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I would like to trace the function calls to a particular library, call it libfoo. Unfortunately the documentation I have found on it is sparse, so I have a lot of questions.

In the documentation of libfoo, it lists the calls foo_a, foo_b, foo_c .. as api calls. In a Windows DLL, generating such a call list is easy, each external call must be declared so (dllexport(DLL) or something like that), a simple script would extract all the exported symbols. How would I go about generating such a list for linux shared objects.

Once I generate such a list, how do I go about using it with ltrace to generate a trace of the calls using a particular program. Also how do I expand out the ( C ) string arguments in those calls?

  • 1
    Do you want to trace all the functions in libfoo, or just the functions whose names begin with foo_? – Mark Plotnick Apr 16 '15 at 16:07
  • You can get a list of all dynamic symbols exported by your library by running objdump -T over it. But it looks like you just want ltrace's -l? ltrace will show strings up to a default size, but you can expand that with -s. Am I missing something here? – Josip Rodin Jul 9 '16 at 14:29
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There are some tools you can use to do this; the one that will be immediately available is perf.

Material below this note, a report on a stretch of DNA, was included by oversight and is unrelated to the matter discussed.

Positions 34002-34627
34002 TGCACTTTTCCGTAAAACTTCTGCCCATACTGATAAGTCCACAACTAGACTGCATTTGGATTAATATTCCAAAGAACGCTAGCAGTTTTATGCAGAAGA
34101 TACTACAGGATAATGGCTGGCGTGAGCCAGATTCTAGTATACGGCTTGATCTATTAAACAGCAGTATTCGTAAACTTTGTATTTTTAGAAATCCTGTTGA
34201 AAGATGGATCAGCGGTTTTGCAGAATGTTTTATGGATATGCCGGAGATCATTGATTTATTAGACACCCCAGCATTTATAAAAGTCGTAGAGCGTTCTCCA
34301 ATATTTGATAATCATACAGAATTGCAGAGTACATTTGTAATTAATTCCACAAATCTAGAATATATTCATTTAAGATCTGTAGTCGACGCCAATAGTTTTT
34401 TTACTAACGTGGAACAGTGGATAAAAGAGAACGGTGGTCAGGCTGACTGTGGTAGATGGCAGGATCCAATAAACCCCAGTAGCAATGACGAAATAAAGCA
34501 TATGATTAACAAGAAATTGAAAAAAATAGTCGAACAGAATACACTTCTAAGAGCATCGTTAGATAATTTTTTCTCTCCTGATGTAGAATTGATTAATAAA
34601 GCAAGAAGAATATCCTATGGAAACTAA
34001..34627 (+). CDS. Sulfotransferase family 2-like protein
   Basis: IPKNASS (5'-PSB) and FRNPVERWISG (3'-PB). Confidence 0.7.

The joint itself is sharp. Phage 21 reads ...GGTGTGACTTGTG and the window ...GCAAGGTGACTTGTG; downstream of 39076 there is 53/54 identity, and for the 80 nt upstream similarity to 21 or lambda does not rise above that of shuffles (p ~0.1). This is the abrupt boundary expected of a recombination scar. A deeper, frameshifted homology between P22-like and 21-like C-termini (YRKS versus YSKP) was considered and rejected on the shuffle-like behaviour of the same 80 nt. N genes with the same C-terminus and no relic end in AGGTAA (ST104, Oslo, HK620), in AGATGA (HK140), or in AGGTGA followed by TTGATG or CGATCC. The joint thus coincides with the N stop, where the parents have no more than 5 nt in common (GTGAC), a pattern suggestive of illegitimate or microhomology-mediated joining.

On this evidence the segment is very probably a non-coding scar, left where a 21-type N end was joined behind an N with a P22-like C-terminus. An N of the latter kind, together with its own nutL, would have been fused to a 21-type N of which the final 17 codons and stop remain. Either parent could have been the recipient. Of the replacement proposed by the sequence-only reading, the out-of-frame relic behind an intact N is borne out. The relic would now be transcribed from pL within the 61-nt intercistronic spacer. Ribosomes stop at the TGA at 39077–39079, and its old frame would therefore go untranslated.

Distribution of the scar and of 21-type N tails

Lets say I want to see in real time what's going on with firefox process; I could do perf top -p <pidof firefox>; you will see output such as:

Samples: 802  of event 'cycles', Event count (approx.): 374901537                                                
Overhead  Shared Object                Symbol                                                                    
   1.29%  libpthread-2.21.so           [.] pthread_mutex_unlock
   1.12%  [kernel]                     [k] ksize
   0.84%  firefox                      [.] 0x0000000000012bcc
   0.71%  libpthread-2.21.so           [.] pthread_mutex_lock
   0.64%  [kernel]                     [k] flat_send_IPI_mask
   0.63%  firefox                      [.] 0x0000000000012bdd
   0.61%  libmozsqlite3.so             [.] 0x000000000000cfd0
   0.60%  [kernel]                     [k] page_fault
   0.60%  libxul.so                    [.] 0x000000000233fa58
   0.56%  [kernel]                     [k] nf_nat_ipv4_local_fn

You could then use ? to see what you can do in the interface; you could zoom in to a symbol using d. You can browse details of a map of a symbol to see exact calls of a process.

You probably want to aggregate data; you can use perf record to do that instead of perf top.

There are other tools you can use such as SystemTap or an actual debugger.

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